Get Bridge Constructor Free (For A Positive Click)

By Jim Rossignol on November 28th, 2012 at 3:00 pm.


Headup Games are trying an interesting tactic to get more Steam Greenlight up votes for their game, Bridge Constructor: they’re giving it away for free. Expressing their frustration at not getting into the Greenlight top 100, the company have suggested that people might like to vote them up in exchange for getting the game entirely for no pennies (and DRM free). It’s a bold and brave move, and you can see from it just how important getting on to Steam is for companies like Headup, that they’ll give their product away to Greenlight voters in order to get noticed. It’ll be interesting to see whether anyone else employs similar tactics to get those vital upvotes as competition hots up.

After all, Steam is continuing to grow as a market, and recent peaked with six million concurrent users over Thanksgiving weekend. PC Gaming/Dead, etc.

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55 Comments »

  1. Screamer says:

    Is that lorry leaving skid marks in the air?

  2. felisc says:

    Is the truck bungie jumping in this screenshot ?

  3. mr.ioes says:

    I loved the old bridge builder!
    Hope this one is just as good or even better. In any case, upvote on greenlight incoming.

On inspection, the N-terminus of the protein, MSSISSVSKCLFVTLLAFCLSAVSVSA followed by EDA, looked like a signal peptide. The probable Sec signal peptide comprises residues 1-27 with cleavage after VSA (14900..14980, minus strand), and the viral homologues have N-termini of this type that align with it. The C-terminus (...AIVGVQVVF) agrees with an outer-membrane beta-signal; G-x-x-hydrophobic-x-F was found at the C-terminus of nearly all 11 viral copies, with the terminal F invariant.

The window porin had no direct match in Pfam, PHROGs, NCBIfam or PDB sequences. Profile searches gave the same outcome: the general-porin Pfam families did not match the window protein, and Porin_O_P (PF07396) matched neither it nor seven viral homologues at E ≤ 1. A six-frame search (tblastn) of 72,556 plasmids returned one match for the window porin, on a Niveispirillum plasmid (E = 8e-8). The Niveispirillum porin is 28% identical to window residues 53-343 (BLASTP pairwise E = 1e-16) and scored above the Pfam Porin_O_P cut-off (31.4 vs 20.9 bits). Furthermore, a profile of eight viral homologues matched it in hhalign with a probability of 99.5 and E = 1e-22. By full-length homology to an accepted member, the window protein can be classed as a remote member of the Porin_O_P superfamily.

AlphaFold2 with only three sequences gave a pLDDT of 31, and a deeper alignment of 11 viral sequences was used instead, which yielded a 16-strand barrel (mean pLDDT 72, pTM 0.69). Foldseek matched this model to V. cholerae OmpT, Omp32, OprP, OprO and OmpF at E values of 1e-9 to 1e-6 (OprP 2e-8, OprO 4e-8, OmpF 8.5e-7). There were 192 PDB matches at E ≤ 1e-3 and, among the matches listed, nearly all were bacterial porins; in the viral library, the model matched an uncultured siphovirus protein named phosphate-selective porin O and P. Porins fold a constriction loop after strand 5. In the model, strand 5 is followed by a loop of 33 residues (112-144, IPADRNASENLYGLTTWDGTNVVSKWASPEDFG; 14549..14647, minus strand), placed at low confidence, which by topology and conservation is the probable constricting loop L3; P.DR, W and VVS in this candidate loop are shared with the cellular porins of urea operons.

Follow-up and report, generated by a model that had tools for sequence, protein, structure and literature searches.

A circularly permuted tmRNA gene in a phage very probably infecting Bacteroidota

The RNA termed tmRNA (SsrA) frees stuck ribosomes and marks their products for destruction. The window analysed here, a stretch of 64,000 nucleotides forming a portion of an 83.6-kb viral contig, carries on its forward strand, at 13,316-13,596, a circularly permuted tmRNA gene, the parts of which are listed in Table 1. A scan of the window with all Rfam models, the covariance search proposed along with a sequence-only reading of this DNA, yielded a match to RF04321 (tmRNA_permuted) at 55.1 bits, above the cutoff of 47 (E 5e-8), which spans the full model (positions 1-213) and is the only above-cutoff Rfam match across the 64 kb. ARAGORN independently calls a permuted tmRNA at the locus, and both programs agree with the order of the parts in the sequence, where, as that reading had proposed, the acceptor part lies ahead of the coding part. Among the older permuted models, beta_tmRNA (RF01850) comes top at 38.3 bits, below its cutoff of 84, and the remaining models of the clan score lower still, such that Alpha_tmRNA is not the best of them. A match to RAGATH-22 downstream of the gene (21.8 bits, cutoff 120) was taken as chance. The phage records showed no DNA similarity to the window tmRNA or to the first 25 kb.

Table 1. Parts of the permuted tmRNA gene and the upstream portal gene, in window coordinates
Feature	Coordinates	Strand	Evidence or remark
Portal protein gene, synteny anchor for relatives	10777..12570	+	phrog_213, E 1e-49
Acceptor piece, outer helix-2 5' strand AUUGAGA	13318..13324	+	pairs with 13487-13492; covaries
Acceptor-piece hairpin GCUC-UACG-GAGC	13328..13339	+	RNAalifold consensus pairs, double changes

• Myarin says:

      It’s worth noting to everyone that you don’t actually have to vote to get the game, they’re not holding it for ransom or anything (which would be kinda underhanded and annoying like those “offers” sites, to me).

      It’s all based on the honor system, so think of it as a free game no matter what, with the chance to make somebody’s day if you feel like doing that too. :)

    • tehfish says:

      My thoughts exactly :D

    • cybrbeast says:

      If you liked the old Bridge Builder you should check out the Bridge Project as it’s by the same developers.

      http://www.chroniclogic.com/bridgeproject.htm

  4. djarcas says:

    Ugh, this game is complete ass. Compared to the earlier games like Pontifex, it’s really not very good (much prettier, but forces you into building bridges THEIR way, and not featuring any of the Pontifex II features like drawbridges, etc)

    • mzlapq says:

      Are you talking about Bridge It?
      This game is not by the developers of Pontifex.

      • Sparkasaurusmex says: